A state of emergency first declared due to the COVID-19 pandemic in Oneida County on March 13, 2020, continues to be renewed every five day period by county executive Anthony J. Picente Jr.
At press time, it had most recently been renewed on March 31.
Included in the declaration renewal is a measure first ordered in February of this year as an effort to keep a lid on the costs of third-party food delivery services by prohibiting them from charging food service establishments a delivery fee of more than 15% of the purchase price of an order for food and beverages exclusive of tax and gratuity. Instead, the third-party services can’t charge any fee greater than 5% of the purchase price of each order for food and beverages exclusive of tax and gratuity, other than a delivery fee.
As emergency declarations continue, so do local, state and federal vaccination efforts.
Citing state vaccination estimates, Oneida County notes that as of April 4, roughly 30% of the adult population (people over the age of 18), had been fully vaccinated in the county.
Noting weekend new case numbers, during the April 3 and 4 time period, there were 55 new cases of COVID-19, and two new COVID-19-related deaths.
There were 17 patients hospitalized in Oneida County with 16 at Mohawk Valley Health System and one at Rome Health. Three of the 17 are nursing home residents. Two residents were hospitalized out of the county.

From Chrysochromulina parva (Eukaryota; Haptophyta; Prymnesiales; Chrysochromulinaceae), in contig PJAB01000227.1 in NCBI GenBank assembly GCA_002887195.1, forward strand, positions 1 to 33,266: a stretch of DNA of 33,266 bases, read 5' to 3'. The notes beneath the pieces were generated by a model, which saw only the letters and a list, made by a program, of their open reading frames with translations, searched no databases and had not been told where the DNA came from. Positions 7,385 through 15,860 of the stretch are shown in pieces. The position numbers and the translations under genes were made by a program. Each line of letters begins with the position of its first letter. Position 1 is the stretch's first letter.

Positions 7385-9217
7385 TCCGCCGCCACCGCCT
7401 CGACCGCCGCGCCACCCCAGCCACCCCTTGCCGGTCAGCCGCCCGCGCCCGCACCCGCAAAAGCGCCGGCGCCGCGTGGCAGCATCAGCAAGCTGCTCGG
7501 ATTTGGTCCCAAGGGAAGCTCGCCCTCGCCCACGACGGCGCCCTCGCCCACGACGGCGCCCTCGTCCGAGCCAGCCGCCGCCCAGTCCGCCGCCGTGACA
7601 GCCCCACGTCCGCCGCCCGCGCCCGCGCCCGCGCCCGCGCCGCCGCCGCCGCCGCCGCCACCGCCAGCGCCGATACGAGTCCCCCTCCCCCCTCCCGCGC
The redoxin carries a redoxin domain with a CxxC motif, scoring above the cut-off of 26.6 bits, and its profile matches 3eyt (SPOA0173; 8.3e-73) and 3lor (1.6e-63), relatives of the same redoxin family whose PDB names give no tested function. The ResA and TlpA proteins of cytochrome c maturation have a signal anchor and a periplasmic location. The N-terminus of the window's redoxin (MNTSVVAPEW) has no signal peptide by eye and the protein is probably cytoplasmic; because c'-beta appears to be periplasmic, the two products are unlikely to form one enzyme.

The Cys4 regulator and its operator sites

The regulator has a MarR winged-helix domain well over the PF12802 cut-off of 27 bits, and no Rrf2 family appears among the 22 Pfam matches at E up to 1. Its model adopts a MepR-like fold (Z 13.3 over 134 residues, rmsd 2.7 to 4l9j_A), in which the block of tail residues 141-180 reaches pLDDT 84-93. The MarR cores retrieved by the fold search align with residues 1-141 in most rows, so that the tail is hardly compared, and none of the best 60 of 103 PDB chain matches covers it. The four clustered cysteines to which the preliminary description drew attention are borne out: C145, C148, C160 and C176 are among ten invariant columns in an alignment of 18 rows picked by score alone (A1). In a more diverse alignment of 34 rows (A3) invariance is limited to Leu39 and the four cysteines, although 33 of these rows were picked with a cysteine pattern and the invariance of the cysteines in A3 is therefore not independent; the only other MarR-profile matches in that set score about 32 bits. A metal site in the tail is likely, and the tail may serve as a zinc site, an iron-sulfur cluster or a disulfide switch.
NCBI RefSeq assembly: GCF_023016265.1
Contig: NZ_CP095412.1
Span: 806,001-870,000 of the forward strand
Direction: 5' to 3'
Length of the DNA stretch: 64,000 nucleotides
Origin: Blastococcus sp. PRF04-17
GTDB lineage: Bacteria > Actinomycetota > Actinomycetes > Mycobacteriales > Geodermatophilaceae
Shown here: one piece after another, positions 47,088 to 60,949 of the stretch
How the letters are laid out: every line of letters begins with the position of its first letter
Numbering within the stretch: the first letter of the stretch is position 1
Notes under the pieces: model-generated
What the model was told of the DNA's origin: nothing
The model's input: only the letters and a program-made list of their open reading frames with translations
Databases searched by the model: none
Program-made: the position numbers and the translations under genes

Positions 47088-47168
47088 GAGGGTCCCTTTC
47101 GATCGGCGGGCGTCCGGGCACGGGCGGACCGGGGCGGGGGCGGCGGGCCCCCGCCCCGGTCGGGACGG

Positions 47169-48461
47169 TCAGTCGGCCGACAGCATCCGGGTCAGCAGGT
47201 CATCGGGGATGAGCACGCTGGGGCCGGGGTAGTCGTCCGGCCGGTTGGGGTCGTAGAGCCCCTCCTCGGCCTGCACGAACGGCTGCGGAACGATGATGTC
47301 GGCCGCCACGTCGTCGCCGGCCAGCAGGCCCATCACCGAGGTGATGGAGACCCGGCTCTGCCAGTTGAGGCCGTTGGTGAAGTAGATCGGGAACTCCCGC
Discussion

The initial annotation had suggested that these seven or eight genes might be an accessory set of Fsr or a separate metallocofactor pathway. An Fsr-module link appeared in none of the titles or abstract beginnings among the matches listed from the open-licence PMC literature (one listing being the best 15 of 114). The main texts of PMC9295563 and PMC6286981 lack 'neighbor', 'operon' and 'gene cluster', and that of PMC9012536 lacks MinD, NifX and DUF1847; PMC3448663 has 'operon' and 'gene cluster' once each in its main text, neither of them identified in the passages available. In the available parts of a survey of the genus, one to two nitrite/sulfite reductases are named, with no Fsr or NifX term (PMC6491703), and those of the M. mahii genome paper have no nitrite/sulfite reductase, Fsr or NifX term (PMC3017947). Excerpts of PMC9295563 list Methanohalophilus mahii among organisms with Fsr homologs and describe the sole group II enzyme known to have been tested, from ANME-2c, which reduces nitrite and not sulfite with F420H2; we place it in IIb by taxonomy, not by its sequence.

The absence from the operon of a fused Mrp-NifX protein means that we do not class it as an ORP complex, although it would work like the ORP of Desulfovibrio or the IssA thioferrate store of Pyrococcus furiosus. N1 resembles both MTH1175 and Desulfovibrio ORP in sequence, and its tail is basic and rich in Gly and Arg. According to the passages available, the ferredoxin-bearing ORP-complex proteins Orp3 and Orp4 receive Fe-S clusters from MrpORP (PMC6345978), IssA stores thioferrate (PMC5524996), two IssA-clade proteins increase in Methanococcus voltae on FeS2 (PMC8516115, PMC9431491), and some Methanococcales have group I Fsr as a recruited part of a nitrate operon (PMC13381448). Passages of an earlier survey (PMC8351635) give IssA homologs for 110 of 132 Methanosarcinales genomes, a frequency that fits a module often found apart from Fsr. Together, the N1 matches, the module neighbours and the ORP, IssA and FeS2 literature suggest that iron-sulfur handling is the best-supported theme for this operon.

To see an updated COVID-19 dashboard, visit: https://bit.ly/3sTeggi
On Monday, Gov. Andrew Cuomo noted that the average daily statewide positivity rate was 4.3% and that about 20% of the state population has been vaccinated.
“Yes people are vaccinated, but not enough,” Cuomo said, regarding the need for communities to continue social distancing guidelines even as the statewide vaccine program continues to rollout.
He announced the start of the statewide “Roll Up Your Sleeve” ad campaign - which starts running on television and online on April 7 - to encourage all state residents to get vaccinated.
“This effort comes as universal eligibility for the COVID-19 vaccine goes into effect and all New Yorkers 16-years-of-age and older are eligible to receive the vaccine starting April 6. This comes nearly a month earlier than President Biden’s May 1 deadline for states to enact universal eligibility,” notes a release.
A release continued, “Due to limited supply, New Yorkers are encouraged to remain patient and are advised not to show up at vaccination sites without an appointment. As of (Monday afternoon) people 16 and 17 years of age can only receive the Pfizer vaccine.”